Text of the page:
Coinbase (COIN), the largest U.S.-domiciled crypto exchange by trading volume, could leave the U.S. if regulators don't clarify their approach to cryptocurrencies, CEO Brian Armstrong said.
- At an event in London, Coinbase CEO Brian Armstrong said the crypto asset exchange could leave the U.S. if the regulatory climate does not improve.
- Meanwhile, Republican members of Congress heavily criticized the SEC and Chairman Gensler's crypto stance in a letter and during a Congressional hearing.
- Gensler declined to say whether Ether is a commodity or a security.
Coinbase Willing to Leave U.S.
Armstrong, speaking at an event in London, said he was frustrated by the lack of clear rules for the crypto industry in the U.S., where different regulators have conflicting views on how to classify and regulate digital assets. He said that he would prefer to operate in a jurisdiction where there is only one regulator with a consistent approach, such as the U.K.
"I think if a number of years go by where we don’t see regulatory clarity emerge in the US, we may have to consider investing more in other regions of the world," said Armstrong.
Armstrong added that he still sees the U.S. as an important crypto market, but if the situation does not improve in the next few years, he would be open to relocating the company. “Anything is on the table, including relocating or whatever is necessary,” he said.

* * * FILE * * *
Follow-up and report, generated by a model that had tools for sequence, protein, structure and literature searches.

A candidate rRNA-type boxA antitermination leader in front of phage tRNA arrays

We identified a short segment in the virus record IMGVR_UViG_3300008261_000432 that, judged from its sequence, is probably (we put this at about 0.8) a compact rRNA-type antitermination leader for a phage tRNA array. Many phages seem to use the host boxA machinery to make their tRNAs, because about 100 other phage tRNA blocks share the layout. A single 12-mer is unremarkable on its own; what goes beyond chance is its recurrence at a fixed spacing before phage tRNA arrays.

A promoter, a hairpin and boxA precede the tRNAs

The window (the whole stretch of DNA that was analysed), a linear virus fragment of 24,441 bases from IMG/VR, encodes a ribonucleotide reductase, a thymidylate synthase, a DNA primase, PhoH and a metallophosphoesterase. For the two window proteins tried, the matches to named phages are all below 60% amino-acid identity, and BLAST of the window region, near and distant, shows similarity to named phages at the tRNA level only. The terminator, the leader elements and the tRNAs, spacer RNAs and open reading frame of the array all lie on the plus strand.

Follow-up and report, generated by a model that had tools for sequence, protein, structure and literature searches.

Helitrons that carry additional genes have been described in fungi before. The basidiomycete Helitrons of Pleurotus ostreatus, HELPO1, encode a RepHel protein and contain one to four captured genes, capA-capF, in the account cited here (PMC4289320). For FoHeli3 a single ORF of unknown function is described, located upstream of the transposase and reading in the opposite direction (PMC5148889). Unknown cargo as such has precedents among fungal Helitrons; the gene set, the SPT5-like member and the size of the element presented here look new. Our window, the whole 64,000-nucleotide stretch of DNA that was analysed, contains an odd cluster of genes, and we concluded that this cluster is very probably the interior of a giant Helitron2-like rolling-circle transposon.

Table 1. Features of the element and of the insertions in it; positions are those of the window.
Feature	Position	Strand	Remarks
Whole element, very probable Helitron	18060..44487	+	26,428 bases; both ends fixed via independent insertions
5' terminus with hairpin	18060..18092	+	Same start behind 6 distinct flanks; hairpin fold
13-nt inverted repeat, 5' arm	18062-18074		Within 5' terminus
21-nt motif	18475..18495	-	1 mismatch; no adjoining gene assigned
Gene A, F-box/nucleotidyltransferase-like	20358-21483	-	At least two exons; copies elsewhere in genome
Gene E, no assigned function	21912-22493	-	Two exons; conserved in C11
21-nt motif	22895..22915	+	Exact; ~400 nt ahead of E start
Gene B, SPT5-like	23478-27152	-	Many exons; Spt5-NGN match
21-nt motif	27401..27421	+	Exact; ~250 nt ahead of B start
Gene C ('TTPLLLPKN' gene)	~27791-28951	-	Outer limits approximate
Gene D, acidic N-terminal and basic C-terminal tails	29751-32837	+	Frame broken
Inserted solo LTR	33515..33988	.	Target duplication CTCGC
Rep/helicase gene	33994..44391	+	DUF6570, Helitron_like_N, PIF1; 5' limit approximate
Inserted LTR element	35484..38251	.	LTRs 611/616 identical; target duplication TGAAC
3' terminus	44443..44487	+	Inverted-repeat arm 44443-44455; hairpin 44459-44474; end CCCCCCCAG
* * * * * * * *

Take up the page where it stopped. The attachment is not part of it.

The Securities and Exchange Commission (SEC) has initiated more than 50 crypto-related enforcement actions in the last few years. The SEC filed a suit against the crypto exchange Bittrex on Monday. The exchange began winding down its U.S. operations earlier this month, citing "the current U.S. regulatory and economic environment."
Coinbase itself received a Wells notice, a warning of impending legal action, from the SEC in late March.
House Republicans Grill SEC Chair Gensler
The House Committee on Financial Services grilled SEC Chair Gary Gensler on Tuesday about how securities laws will be applied to the crypto industry going forward. Before the hearing, 29 Republican members of Congress echoed Armstrong's concerns in a letter to Gensler.
"Without clear rules of the road, your push for firms to 'come in and register' is a willful misrepresentation of the SEC’s non-existent registration process," reads the letter. "The only entity to blame for the lack of registrants is the SEC itself."
House Committee on Financial Services Chairman Patrick McHenry (R-NC) called the SEC's approach to crypto exchanges "nonsensical" in the hearing's opening remarks. "You're punishing digital asset firms for allegedly not adhering to the law when they don't know it will apply to them."
McHenry also pushed Gensler to provide clarity on whether Ether should be defined as a security or a commodity, but the SEC chair was unwilling to do so.
Instead, Gensler reiterated his belief that the SEC has sufficient authority to deal with the crypto industry and that regulatory clarity exists. "Right now, unfortunately, this market is rife with noncompliance," said Gensler.